Teenage dating for parents

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Even 14- and 15-year-olds can fall in love, Reardon says.“To a child or teenager who is experiencing this, it is very real and very important,” she says.On the other hand, she adds, “if you’re really dating, at some point you absolutely do want your parents to meet him.” Your teen doesn’t have to be dating or talking to anyone to have a date to the prom, winter formal or Sadie Hawkins dance.That’s because most kids go in large groups and are couples in name only.Yes, the prom as we knew it still exists, but even its drama pales in comparison to today’s boy-girl relationship issues.

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What to watch for: If your teen experiences signs of depression weeks after a breakup, appears to be arguing or behaving differently with their boyfriend/girlfriend, withdraws from other friends or shows signs of physical abuse such as bruises or scratches, check with your doctor, school counselor or a community psychologist right away, advise both Gurwitch and Reardon.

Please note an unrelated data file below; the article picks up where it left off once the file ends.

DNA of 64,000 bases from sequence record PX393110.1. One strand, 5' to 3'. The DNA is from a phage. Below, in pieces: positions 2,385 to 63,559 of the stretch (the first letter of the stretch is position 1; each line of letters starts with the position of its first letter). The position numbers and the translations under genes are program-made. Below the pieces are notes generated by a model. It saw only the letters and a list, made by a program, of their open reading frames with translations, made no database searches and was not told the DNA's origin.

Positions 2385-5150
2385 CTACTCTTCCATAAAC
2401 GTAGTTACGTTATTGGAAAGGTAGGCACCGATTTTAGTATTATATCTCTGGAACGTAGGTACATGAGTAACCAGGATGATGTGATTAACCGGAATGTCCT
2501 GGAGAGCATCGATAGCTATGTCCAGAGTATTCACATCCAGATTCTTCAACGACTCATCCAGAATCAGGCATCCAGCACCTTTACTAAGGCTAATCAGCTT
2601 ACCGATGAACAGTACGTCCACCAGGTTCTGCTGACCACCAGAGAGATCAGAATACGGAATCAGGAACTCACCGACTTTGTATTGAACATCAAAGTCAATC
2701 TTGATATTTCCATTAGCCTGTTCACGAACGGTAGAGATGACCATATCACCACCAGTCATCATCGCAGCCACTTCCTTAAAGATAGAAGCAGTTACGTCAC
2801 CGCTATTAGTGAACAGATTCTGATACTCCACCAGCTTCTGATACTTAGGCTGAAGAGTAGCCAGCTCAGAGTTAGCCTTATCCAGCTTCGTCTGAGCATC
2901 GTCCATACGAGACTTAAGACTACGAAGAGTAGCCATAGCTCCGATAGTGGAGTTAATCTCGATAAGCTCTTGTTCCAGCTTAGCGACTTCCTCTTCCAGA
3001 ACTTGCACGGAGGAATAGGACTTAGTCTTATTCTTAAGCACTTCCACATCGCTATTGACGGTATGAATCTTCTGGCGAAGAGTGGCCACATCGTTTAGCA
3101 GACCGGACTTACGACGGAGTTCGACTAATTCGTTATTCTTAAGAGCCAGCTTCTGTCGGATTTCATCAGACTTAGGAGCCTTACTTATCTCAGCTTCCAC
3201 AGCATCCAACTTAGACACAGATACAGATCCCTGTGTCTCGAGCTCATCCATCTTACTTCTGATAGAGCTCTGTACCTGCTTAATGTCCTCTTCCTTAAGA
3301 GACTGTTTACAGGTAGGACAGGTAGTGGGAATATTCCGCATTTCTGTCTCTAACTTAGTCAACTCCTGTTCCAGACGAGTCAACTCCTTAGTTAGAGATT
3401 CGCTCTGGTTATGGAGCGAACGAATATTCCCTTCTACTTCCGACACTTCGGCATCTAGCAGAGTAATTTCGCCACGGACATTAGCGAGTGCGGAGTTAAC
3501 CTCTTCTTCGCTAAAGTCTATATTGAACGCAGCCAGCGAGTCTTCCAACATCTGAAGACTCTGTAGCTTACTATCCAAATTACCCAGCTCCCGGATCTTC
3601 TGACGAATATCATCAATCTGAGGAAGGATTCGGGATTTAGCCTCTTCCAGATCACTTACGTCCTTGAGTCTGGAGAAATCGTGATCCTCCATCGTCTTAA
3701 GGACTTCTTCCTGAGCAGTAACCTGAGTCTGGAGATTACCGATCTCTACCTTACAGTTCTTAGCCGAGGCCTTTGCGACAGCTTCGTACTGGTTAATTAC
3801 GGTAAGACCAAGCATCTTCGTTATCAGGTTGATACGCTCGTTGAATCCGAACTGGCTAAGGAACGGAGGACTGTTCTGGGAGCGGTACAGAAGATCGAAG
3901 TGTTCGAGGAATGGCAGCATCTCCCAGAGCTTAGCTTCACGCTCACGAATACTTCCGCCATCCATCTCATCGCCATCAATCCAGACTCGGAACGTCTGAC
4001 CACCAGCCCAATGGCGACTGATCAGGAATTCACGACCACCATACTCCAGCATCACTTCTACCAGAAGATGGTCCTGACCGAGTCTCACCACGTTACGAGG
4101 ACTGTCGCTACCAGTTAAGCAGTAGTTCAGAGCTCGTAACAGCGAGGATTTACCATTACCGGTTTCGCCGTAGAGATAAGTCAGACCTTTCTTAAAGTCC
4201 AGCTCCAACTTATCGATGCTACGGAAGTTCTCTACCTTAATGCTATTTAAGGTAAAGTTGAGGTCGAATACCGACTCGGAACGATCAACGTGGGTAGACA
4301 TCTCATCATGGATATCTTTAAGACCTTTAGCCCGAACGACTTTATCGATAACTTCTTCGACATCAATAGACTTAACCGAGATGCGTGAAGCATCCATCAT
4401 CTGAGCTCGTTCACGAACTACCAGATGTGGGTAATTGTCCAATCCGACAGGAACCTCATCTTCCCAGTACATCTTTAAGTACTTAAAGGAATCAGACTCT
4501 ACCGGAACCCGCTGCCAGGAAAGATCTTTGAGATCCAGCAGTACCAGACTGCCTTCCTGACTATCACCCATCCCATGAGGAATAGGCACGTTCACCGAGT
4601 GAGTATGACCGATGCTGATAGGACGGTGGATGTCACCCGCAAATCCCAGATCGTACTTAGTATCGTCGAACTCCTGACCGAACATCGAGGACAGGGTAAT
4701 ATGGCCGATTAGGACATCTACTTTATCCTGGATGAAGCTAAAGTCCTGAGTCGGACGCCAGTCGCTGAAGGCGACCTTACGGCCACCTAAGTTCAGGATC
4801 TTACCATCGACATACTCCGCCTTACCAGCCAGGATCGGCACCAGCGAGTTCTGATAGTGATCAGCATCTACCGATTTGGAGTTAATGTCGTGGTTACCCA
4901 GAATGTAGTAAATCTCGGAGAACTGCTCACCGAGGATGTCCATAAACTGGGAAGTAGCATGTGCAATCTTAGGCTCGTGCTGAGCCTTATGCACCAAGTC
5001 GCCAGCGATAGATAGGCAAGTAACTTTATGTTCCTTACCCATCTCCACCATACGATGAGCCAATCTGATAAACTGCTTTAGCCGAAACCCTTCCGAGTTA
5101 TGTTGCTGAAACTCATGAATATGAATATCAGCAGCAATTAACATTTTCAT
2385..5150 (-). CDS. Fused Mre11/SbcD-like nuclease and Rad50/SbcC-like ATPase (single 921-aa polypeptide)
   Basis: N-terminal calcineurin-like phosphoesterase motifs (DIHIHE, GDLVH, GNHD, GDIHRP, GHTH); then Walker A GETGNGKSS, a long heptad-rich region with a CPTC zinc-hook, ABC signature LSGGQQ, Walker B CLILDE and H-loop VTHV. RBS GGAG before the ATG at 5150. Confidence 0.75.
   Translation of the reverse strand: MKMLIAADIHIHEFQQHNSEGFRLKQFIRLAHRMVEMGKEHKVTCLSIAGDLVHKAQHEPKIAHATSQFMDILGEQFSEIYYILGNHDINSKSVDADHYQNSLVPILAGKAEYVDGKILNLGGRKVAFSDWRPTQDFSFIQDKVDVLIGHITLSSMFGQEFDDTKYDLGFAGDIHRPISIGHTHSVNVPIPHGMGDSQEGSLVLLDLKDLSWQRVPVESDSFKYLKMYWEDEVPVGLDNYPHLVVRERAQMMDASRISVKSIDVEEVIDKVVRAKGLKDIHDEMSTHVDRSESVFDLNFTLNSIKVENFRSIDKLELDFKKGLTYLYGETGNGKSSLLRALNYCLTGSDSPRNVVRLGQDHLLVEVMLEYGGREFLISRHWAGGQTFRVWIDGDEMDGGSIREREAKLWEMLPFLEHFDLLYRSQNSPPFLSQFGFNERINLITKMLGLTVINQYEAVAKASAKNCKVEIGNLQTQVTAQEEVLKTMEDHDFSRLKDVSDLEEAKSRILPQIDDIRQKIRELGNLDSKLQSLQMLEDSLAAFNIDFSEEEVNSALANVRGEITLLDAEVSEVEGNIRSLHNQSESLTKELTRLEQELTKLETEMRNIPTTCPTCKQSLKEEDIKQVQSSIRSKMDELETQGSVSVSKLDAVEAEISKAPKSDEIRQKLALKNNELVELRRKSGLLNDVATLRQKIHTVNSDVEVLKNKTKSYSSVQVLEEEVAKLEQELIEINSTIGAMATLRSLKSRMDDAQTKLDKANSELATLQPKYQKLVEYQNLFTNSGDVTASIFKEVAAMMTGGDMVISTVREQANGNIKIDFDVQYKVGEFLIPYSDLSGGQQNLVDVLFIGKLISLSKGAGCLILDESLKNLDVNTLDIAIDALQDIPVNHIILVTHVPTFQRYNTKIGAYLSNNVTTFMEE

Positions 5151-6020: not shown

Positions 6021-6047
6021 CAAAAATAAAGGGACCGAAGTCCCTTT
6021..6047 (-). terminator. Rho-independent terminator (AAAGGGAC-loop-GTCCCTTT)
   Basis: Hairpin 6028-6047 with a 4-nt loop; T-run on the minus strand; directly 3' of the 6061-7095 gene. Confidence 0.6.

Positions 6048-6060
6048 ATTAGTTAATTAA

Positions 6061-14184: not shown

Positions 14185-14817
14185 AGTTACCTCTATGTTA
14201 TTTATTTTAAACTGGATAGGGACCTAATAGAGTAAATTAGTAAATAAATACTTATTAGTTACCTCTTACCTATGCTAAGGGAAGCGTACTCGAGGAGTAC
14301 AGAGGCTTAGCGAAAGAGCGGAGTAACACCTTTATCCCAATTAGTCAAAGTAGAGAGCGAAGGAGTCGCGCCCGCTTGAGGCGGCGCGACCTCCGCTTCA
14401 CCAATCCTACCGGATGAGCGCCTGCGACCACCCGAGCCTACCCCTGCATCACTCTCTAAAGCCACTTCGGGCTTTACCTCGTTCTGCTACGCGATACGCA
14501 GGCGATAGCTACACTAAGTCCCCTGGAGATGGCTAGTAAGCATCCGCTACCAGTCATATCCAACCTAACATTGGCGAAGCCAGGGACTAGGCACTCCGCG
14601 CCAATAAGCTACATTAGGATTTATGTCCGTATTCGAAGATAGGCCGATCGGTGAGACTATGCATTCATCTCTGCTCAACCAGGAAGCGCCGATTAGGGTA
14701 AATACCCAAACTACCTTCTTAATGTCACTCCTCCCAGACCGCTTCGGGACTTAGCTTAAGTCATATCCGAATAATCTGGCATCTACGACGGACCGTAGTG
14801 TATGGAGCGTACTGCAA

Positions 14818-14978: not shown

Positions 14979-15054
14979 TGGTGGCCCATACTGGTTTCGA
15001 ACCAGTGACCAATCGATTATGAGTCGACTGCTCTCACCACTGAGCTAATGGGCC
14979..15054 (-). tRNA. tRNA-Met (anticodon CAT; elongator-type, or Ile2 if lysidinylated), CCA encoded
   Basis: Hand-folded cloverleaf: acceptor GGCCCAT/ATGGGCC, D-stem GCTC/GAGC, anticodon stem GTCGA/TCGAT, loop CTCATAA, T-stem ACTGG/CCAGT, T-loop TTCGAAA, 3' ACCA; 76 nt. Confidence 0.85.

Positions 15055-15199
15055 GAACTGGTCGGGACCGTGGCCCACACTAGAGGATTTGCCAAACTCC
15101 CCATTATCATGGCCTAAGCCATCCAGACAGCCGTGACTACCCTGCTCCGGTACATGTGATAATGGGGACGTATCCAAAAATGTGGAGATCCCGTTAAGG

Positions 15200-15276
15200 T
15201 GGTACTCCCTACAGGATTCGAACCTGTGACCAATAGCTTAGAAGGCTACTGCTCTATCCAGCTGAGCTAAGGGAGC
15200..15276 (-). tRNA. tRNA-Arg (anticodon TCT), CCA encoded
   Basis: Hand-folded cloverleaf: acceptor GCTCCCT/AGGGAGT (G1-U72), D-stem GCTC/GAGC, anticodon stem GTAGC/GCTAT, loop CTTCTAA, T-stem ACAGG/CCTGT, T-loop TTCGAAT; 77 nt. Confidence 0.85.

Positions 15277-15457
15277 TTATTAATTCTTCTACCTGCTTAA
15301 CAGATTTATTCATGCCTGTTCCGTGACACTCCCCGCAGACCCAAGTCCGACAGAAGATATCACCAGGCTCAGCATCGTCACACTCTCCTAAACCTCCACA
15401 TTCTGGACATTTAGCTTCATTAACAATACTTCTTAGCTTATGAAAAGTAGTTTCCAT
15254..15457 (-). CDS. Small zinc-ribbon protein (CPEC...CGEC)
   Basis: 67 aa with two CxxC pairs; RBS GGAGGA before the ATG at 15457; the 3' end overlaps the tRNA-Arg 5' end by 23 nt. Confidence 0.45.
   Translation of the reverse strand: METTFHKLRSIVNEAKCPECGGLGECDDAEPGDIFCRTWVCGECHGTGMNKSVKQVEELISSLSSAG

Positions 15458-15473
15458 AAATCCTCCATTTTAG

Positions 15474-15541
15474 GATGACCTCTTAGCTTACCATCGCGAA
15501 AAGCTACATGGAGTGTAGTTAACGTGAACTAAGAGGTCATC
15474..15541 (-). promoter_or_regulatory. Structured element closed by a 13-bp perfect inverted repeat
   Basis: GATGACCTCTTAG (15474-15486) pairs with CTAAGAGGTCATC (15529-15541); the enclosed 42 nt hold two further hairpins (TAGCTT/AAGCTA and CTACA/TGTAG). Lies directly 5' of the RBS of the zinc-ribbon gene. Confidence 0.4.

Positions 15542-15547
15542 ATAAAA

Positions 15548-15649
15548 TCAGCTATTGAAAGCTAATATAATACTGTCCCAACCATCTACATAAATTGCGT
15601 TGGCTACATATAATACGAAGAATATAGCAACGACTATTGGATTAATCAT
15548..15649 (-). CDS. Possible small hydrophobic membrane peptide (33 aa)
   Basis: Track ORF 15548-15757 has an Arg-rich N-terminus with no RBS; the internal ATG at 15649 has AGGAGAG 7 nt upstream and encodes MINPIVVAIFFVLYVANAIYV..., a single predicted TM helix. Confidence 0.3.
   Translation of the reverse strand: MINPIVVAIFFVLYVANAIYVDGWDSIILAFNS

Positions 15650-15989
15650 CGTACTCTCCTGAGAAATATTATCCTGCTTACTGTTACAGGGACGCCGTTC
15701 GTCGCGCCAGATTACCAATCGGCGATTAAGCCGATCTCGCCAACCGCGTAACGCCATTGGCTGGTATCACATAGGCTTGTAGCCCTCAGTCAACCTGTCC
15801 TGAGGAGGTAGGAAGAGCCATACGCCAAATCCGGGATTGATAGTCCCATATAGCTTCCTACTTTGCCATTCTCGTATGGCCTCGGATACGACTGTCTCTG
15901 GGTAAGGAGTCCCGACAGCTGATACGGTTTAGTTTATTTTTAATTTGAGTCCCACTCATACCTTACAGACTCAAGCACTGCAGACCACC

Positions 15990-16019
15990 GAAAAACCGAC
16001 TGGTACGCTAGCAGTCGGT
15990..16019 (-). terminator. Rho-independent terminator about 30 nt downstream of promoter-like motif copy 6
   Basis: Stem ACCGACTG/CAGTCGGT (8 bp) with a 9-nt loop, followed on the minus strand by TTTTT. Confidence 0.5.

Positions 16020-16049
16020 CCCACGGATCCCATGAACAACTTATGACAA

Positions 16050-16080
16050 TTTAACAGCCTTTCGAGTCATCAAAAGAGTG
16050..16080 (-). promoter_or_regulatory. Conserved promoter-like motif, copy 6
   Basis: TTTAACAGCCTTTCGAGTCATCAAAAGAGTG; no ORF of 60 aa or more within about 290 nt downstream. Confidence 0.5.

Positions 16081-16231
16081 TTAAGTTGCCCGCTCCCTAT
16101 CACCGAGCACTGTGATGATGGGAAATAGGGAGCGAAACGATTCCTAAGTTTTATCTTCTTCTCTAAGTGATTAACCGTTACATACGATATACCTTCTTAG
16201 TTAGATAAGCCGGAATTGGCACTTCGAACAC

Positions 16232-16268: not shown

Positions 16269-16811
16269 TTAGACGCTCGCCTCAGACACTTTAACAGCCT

He feels comfortable with these early forays because “we’ve given him the talk about the need to respect young ladies and what we expect of him.” What to watch for: Smartphones and social media can lay traps for preteens and young teens.

Parents should establish ground rules for texting members of the opposite sex and explain the importance of avoiding any form of “sexting.” Parents should also monitor their child’s text conversations and follow/friend them on any social media sites where they have accounts.

“Maybe among the younger girls it’s more important to have a boyfriend, but as we’ve gotten older, it’s just not as important,” she says.

Parents should try to stay on top of who their child is talking to or dating, and why — especially with younger teens.

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